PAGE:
Not many people are aware that mainland Australia has an active volcanic region that could erupt again anytime.
What lies beneath?: A view of blue lake volcanic crater at Mount Gambier in South Australia.
So Macquarie researchers are studying the volcanic rocks from these volcanoes to understand how much warning time we might have before an eruption and develop an emergency response plan similar to New Zealand.
Mount Gambier, South Australia, was the last Australian volcano to erupt around 5,000 years ago. It’s located in the Newer Volcanics Province, an area stretching east more than 400 kilometres from Mount Gambier to Melbourne. This area covers over 23,000 square kilometres, contains over 400 volcanoes and holds Australia’s youngest volcanoes.
Volcanoes are classified as “active” if they erupted less than 10,000 years ago and are likely to erupt again, says Associate Professor Heather Handley, a volcanologist from Macquarie’s Department of Earth and Planetary Sciences.
There’s no need for panic but we need to develop eruption scenarios and have a response plan.
Eruptions in the Newer Volcanic Province occurred between 4.5 million and five thousand years ago. “We don’t really know when the next eruption is going to be,” says Handley. “But it could be any time.”
Handley and her team are analysing the chemistry of crystals in the erupted rocks collected from the volcanic site, to determine how fast they came up to the earth’s surface from their source, likely around 60-90 kilometres underground. She compares her research to analysing rings on a tree trunk.
Fault line: This map shows the location of the Newer Volcanics Province, including the extent of lava flows and the different types of volcanoes. Picture credit: Julie Boyce 2013.
“Based on the thickness of the tree rings, you can find out about the environment the tree was growing in, the rainfall or temperature variations,” she says.
Making future predictions
“It’s the same with volcanic crystals. They record the history of their journey. We work out from chemical changes in the crystals in the rock how fast that molten rock moved from the source to the surface.”
Looking at thin volcanic rock slices under a microscope, Handley searches for patterns which signify chemical changes in the rock’s crystals. One of the clues is that the rocks are embedded with chunks of the mantle that stayed intact as it travelled to the surface and didn’t have time to melt or settle out due to their greater density.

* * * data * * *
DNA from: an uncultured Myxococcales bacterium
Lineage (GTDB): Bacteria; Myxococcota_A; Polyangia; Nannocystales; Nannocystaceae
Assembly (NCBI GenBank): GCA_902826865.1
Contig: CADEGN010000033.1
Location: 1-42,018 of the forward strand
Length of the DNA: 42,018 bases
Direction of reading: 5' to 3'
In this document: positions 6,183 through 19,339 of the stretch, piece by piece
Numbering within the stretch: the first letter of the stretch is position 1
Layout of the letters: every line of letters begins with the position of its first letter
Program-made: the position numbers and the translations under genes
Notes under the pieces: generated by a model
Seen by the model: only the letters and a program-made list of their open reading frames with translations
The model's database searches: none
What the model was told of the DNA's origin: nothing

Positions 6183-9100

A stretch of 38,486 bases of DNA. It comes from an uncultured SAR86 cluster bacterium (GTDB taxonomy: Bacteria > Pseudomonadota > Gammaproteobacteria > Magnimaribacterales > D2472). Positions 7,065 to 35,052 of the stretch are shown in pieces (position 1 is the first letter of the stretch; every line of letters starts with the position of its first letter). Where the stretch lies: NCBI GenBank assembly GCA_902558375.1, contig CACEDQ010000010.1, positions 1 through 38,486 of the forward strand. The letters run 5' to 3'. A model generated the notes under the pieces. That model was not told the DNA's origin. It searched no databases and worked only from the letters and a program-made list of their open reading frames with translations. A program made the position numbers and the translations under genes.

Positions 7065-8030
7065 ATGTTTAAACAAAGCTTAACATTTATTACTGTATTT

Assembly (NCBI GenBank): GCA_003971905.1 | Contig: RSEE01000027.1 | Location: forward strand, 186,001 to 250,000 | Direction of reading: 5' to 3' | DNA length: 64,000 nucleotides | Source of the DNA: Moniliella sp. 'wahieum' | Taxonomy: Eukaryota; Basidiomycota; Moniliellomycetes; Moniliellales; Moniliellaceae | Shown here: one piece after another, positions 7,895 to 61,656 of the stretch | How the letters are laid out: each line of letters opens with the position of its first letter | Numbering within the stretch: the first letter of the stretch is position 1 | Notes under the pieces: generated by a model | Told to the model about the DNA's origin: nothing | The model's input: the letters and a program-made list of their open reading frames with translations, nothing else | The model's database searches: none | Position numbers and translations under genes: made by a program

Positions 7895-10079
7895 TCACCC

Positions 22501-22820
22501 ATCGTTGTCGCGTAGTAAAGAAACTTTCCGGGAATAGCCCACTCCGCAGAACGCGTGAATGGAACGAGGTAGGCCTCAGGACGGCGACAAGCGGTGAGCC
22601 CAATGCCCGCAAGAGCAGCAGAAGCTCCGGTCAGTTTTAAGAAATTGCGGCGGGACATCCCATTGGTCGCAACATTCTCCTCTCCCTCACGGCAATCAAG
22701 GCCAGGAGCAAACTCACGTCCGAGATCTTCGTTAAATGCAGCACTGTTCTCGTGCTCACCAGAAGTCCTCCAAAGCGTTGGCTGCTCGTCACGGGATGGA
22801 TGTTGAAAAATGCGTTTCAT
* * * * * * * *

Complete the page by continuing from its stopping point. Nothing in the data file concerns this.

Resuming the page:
“The presence of these mantle fragments suggests that the magma moved very fast to the surface – possibly in a matter of days,” she says. “We are trying to understand more about the magma plumbing systems underneath these volcanoes by looking at how magma interacts with these fragments. Looking at past volcanoes helps us predict future activity.”
Far-reaching impact: Handley says her research could be used by the government to form a regional eruption response plan.
Volcanoes can also erupt individually or in groups. “If there are clustered eruptions we might get several within a short geological time frame and then a long period of nothing for tens of thousands of years, and then another pulse of activity. Then it's quiet again,” she says. “So we hope to determine the ages of more of the volcanoes in the field and then have a better handle on the periodicity of the eruptions.”
Researchers at Monash University have discovered that the eruption of Mount Gambier was also quite large - comparable in size to the eruption at Eyjafjallajökull in Iceland in 2010 that threw volcanic ash 5-10 kilometres into the air and closed European airspace for a week. This eruption was rated at a Volcanic Explosion Index of 4.
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“A similar-sized eruption in Australia would mean ash could affect Melbourne, Sydney, the east of Australia and possibly Auckland,” Handley says. “I think we need to take this potential volcanic activity a little bit more seriously and prepare for it. It is a very low probability but high-risk event.”
Disaster response plan needed
Handley is hoping her research will inform the government so that it can create regional eruption response plans - similar to Auckland’s. The New Zealand city has a comparable but smaller active volcanic field containing about 53 volcanoes. The last one erupted 600 years ago at Rangitoto Island. Auckland’s Volcanic Field Contingency Plan details how emergency services, the army and local councils would react.
“It’s worth considering the associated hazards of a volcanic eruption in the Newer Volcanics Province too,” she says. “If it happened during dry periods it could cause a bushfire. If it occurred near the coast offshore it could trigger a tsunami.
“There’s no need for panic but we need to develop eruption scenarios and have a response plan. It’s just not worth laughing and saying: ‘it could never happen here’.”
Heather Handley is an Associate Professor in Volcanology and Geochemistry at Macquarie University.